There’s a great analysis of a recent Noel Pearson essay on Club Troppo. Noel Pearson is an advocate for indigenous people in Australia and he has commanded great interest with his recent pronouncements on greater responsibility by the indigenous community to their own future.
His essay contrasts the positions of the extremes and implores the progression of the radical centre. He investigates the denialists who are defensive of their own identity and heritage and who believe that they should not be made to feel guilty for past behaviours. There is the other extreme who wish us to be sorry for what has happened, to advocate large-scale social policy interventions and to in-effect, take responsibility for the situation.
Pearson contends that either of these extremes is wrong and that a radical centre position needs to be adopted, that holds the dialectic between the two extremes in tension and resolves them at the point where pragmatism and idealism meet, not through weak compromise but through strong leadership as “best leadership occurs at the point of highest tension between ideals and reality”. I think that this is a wonderful understanding of leadership that focuses not just on the notion of transcend-and-include but also on how to implement this on the ground in a meaningful manner.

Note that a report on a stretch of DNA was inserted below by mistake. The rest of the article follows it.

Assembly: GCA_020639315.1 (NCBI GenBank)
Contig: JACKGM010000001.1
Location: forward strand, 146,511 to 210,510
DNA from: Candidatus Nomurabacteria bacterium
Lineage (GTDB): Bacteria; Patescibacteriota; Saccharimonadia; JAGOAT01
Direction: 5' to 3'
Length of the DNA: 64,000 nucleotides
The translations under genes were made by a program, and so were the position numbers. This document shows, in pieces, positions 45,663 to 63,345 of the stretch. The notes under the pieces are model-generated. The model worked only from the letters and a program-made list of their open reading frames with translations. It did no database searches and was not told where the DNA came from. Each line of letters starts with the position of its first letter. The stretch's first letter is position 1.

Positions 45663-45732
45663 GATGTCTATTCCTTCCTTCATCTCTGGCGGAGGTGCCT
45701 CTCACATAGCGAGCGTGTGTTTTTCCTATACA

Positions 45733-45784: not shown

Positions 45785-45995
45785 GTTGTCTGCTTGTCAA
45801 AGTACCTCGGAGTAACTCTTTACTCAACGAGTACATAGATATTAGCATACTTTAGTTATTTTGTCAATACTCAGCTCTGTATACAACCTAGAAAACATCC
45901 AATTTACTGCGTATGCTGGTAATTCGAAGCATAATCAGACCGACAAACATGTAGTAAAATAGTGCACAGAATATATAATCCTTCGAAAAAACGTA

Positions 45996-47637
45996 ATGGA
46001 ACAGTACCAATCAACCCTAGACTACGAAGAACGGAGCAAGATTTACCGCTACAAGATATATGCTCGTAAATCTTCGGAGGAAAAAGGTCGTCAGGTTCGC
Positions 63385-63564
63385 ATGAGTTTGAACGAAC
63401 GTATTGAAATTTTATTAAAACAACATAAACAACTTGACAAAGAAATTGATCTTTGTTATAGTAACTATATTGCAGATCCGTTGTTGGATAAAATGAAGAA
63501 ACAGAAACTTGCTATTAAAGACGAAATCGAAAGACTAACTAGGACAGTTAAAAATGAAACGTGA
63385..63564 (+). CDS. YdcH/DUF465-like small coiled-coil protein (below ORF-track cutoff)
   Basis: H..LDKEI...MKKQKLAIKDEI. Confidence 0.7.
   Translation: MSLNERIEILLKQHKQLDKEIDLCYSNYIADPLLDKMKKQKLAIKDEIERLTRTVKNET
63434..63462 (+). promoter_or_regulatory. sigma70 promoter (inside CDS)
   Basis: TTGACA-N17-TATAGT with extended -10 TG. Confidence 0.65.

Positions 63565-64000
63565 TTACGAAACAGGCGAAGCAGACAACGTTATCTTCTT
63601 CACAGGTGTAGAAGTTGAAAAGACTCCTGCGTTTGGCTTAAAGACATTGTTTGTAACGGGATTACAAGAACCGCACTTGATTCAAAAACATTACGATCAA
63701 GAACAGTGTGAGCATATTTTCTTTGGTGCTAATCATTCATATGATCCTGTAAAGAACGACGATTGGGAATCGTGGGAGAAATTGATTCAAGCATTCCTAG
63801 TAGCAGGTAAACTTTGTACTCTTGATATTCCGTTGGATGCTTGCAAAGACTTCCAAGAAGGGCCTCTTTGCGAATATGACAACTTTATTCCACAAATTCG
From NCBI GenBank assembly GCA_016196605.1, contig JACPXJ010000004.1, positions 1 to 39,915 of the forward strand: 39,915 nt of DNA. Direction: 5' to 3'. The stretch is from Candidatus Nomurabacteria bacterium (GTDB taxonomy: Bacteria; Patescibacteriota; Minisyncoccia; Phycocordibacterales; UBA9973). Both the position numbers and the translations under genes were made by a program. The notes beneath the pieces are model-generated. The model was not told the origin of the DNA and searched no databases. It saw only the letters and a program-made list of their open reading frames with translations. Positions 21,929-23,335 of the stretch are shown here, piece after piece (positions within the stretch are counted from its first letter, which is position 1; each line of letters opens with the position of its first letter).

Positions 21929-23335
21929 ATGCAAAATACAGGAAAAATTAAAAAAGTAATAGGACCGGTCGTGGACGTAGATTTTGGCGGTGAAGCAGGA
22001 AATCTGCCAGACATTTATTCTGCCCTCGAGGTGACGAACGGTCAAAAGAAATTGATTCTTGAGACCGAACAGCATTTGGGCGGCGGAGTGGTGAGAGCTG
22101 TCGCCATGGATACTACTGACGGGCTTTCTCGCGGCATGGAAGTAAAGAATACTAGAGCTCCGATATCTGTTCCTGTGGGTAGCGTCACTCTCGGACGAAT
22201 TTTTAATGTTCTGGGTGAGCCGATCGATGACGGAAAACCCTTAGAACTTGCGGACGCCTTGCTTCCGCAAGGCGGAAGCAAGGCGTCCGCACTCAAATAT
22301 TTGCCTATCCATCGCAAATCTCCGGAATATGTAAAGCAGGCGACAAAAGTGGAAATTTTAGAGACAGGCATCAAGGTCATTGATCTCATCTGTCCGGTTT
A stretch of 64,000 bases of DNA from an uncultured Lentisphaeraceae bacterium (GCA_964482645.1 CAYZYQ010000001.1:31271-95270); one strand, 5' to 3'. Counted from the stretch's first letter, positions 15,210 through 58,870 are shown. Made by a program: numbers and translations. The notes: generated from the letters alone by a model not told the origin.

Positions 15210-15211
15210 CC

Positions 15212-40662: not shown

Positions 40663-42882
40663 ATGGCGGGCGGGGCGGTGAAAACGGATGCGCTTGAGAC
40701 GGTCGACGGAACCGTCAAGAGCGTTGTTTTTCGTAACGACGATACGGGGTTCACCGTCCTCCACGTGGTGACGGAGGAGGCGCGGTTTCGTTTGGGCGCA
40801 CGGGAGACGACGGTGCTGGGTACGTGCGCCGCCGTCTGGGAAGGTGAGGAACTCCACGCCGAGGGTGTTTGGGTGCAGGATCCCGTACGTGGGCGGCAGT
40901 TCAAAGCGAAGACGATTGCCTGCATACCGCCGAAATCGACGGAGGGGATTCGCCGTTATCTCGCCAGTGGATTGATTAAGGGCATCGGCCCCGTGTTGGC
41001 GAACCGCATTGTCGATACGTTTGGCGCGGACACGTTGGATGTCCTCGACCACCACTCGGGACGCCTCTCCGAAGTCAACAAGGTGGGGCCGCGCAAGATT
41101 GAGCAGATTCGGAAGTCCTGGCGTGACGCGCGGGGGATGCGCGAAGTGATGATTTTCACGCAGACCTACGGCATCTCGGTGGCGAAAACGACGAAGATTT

He suggests that “there are at least ten classic dialectical tensions in human policy: idealism vs realism, rights vs responsibilities, social order vs liberty, individual vs community, efficiency vs equality, structure vs behaviour, opportunity vs choice, unity vs diversity, nature vs man, and peace vs war.” What a great list! The focus is not to choose between each of these as that will lead to failure but embrace both and leaning to one or the other at different stages as “a progressive measure at one time can produce regressive results later. Policy must take account of the effluxion of time and the stage of historical development”.
I co-wrote a paper about 5 years ago with Richard Vines which outlined tensions that need to be overcome from understanding the context of a situation, gathering information and ultimately resulting in a judgement call when a decision has to be made. We used the term “context management” as the process to define these tensions and identify the most appropriate response for that particular situation.
Understanding of staged development, cultural contexts and the political milieu is necessary to generate and position the leadership required to transcend and resolve tensions at the juncture between idealism and pragmatism. Such leadership is indeed, radical!